While much of the focus after the win was on the excitement built by the top line, the Dallas Stars showed just how effective a team can be with four effective lines rolling throughout a game. It's something that Gulutzan mentioned from the day he was hired -- the desire to be a four-line team that never lets up on an opponent. He wants the Stars to be aggressive and energetic with the puck and that's exactly what we witnessed, not just from the top line but all the way down.

Heading into training camp and this preseason, there appeared to be some hand wringing among Stars fans that with Gulutzan and the players talking about defensive responsibility and a "responsible and detailed" system, the Stars would suddenly turn into a "boring team". While this is just one game and it's impossible to make far-reaching conclusions, it's apparent that the Stars are not going to become a trap team.

Gulutzan wants the Stars to be aggressive and energetic, to constantly put pressure on the opposition. At the same time he wants to minimize defensive breakdowns and odd man rushes and he wants to focus on the defensive coverage in the Stars zone. This is something the team had struggled with in years past and it's led to many of the issues that have derailed their seasons down the stretch.

Against Montreal, the defensive positioning was outstanding. The Stars play a "zone" on defense now under Gulutzan and while there were times the players stumbled a bit, it appears that this system plays to the strengths of each individual. The Stars were able to get the puck out of the defensive zone and up the ice more efficiently in one game than I ever saw with Crawford. Having players like Goligoski and Larsen on the back end certainly helped, but the differences were more than apparent.

If this is a sign of what is to come, then Stars fans should be extremely excited. What we saw last night was a disciplined and tenacious hockey team that once again looks like the players are having fun playing hockey. It's a long season however  and the games aren't counting just yet. This is certainly a step in the right direction, however.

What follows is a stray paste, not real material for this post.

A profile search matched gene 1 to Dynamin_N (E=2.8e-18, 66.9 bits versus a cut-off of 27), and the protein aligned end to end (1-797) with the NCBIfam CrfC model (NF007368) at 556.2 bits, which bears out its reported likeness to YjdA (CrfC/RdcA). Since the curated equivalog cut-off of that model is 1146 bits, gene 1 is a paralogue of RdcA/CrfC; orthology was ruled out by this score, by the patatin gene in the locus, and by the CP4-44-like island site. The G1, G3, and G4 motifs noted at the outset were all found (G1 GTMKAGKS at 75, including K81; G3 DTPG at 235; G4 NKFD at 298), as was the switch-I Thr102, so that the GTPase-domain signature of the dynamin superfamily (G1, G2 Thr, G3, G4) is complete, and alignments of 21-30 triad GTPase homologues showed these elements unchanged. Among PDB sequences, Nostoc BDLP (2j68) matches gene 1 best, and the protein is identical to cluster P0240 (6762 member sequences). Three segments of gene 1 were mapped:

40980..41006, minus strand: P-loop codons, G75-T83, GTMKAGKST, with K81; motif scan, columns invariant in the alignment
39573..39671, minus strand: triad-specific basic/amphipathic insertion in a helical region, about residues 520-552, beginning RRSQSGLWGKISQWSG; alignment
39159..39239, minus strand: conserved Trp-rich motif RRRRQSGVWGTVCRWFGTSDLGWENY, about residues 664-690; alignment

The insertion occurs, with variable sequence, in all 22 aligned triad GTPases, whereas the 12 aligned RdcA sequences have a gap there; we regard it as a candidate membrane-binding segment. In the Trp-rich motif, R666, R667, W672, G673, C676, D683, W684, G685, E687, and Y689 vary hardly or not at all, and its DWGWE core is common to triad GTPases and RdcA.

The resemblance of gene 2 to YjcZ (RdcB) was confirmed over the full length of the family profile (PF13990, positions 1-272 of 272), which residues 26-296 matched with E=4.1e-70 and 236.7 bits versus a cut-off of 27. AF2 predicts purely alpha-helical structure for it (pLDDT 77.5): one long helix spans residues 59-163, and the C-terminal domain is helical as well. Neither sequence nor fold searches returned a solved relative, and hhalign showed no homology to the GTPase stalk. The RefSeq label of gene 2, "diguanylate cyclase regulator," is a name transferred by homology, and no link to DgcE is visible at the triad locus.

More thoughts on the game:

  • Tomas Vincour showed why he earned so much playing time in the NHL last season, taking over the ice late in the game when Gulutzan decided to give his top line a rest. Vincour, along with Wandell and Petersen, showcased a physicality and tenacity that overwhelmed the Canadiens at times. While Vincour still hasn't found that switch that allows him to turn scoring chances into goals -- he certainly knows how to make plays.
  • Alex Goligoski and Philip Larsen were paired together on the power play in the second period. The speed that the Stars had on the blue line with that lineup is not fair, as Larsen used an incredible burst up the wing to back off the Canadiens and open up room for Goligoski, who had a clear shot to Ribeiro for an easy tap in.
  • Tom Wandell looks like he's back after an up and down season last year. He was fast and tenacious and more importantly he was near-unbeatable in the faceoff circle.
  • We haven't talked much about Jake Dowell but I think we should start soon. He's been described as an "Adam Burish clone" and last night it was made known that he led the Blackhawks in blocked shots last season. He certainly looked to be more than just a fourth line player last night, with strong defensive play in his own end and a nifty play along the boards to set up Barch's goal.
  • Andrew Raycroft started the game well enough but completely broke down in the second period. Tyler Beskorowany came in and settled the team down and was a perfect 8-for-8 in saves and looked extremely comfortable in net. We all talk about Jack Campbell and his future with the franchise but we forget that the Stars have a stellar goaltender in the making with Beskorowany. It's a great problem to have.